Our first reading, the call of Samuel, says the same thing.  Samuel leaps when he hears the Lord’s voice, and then says, “Speak for your servant is listening!”  That is why “the Lord was with him, not permitting any word of his to be without effect.”  His words had an effect on his listeners because he was listening to the word of the Lord.

Our second reading is First Corinthians – the first several weeks of each year begins with a different section of First Corinthians – here, talking about sexual morality.  But that’s not how St. Paul approaches the issue.  He talks about being a member of Christ, a temple of the Holy Spirit, glorifying God in our body.  As Pope Benedict said at the beginning of his first encyclical, “Being Christian is not the result of an ethical choice or a lofty idea, but the encounter with an event, a person, which gives life a new horizon and a decisive direction.”

At the beginning of this new year, the Lectionary summons us to encounter Christ, to begin again with that first meeting.  To stumble with the disciples of John the Baptist, as they hear Jesus pointed out, follow him, are discovered by him, go to see where he stays, and thus become apostles even to the other apostles.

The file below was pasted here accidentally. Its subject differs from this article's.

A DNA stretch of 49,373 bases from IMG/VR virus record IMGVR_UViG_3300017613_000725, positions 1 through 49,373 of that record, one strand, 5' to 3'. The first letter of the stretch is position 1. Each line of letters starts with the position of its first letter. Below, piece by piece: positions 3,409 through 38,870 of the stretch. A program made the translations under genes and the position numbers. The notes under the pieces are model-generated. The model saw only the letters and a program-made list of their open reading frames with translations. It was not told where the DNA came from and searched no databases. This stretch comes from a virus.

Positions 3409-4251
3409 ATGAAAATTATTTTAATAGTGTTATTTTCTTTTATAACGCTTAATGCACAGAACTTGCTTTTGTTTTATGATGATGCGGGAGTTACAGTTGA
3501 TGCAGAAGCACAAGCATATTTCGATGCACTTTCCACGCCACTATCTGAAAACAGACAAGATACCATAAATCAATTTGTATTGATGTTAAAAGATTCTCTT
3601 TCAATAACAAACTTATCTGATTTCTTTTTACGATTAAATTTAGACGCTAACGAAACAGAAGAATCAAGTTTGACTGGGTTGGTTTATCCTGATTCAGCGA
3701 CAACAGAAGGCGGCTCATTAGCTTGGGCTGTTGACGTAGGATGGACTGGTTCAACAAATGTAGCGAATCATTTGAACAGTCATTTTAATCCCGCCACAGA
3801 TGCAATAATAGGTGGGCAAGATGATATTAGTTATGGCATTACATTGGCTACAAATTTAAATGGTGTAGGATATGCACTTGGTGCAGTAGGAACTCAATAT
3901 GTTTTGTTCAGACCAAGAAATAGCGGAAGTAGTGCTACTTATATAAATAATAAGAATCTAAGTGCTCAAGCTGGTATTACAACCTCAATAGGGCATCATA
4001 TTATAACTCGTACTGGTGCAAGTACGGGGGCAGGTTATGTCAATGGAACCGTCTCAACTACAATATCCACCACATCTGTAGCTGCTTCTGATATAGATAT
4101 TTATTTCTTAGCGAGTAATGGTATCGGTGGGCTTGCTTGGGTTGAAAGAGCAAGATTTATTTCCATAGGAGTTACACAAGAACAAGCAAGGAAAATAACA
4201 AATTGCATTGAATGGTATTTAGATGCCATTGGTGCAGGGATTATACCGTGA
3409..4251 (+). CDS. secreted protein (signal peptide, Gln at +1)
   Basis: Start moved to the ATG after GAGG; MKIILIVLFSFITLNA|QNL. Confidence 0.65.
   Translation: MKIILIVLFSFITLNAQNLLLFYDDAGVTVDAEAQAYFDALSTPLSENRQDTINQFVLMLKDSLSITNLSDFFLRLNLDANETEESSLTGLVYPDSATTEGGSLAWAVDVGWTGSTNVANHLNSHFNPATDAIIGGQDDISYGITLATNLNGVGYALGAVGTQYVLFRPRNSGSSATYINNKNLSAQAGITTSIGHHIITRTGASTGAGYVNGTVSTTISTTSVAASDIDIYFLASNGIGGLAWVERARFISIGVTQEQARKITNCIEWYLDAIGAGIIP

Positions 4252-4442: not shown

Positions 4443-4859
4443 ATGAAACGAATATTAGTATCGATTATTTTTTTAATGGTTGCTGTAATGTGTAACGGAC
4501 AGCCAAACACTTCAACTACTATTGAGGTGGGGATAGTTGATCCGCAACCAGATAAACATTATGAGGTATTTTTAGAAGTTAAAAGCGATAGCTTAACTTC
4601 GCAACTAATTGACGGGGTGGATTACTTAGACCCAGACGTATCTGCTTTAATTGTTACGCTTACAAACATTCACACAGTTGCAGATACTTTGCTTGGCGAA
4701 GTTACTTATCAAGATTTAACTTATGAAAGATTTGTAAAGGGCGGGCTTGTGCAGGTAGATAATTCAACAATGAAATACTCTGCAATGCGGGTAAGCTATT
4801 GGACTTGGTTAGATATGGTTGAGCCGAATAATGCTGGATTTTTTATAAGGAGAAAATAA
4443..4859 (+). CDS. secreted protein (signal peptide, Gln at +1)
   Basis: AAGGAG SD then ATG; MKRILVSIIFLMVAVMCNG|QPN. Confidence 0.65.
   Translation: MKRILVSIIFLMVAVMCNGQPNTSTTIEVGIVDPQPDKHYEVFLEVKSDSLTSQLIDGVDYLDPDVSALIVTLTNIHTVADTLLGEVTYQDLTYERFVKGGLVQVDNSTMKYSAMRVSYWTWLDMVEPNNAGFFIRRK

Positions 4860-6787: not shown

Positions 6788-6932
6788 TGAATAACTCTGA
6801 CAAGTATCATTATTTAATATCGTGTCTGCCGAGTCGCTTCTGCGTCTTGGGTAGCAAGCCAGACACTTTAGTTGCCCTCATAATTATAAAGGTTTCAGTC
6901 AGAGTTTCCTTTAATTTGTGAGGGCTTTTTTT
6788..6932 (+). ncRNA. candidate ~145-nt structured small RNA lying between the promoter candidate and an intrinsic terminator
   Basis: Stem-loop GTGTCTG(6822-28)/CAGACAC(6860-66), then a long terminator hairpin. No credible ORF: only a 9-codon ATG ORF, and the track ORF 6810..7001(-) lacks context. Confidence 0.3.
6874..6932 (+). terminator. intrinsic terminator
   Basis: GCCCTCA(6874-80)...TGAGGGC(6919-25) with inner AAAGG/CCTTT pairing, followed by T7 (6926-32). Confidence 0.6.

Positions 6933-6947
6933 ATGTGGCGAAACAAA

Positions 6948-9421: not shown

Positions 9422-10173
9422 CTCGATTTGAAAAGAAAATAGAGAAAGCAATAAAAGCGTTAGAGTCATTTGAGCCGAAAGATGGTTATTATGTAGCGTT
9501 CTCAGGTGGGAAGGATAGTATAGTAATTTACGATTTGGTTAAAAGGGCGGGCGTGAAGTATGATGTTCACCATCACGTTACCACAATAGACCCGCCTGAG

When did you first meet Jesus?  Can you remember the hour?Hendrik ter Brugghen - De Roeping van Sint Mattheus.jpg

The Incarnation and the Sea

Since my first John Denver Christmas post was popular – and, more important, since I encouraged us to think about Christmas in relation to the kerygma – here’s another piece.

The least Christmas-y song on “John Denver and the Muppets: Christmas Together,” is called “When the River Meets the Sea.”  Once again, John Denver is helpful because he’s so wrong – and then also helpful because he’s not all wrong.

His theme, I guess, is patience.  Some of the lines are just corny: “Like a baby when it is sleeping / In its loving mother’s arms / What a newborn baby dreams is a mystery”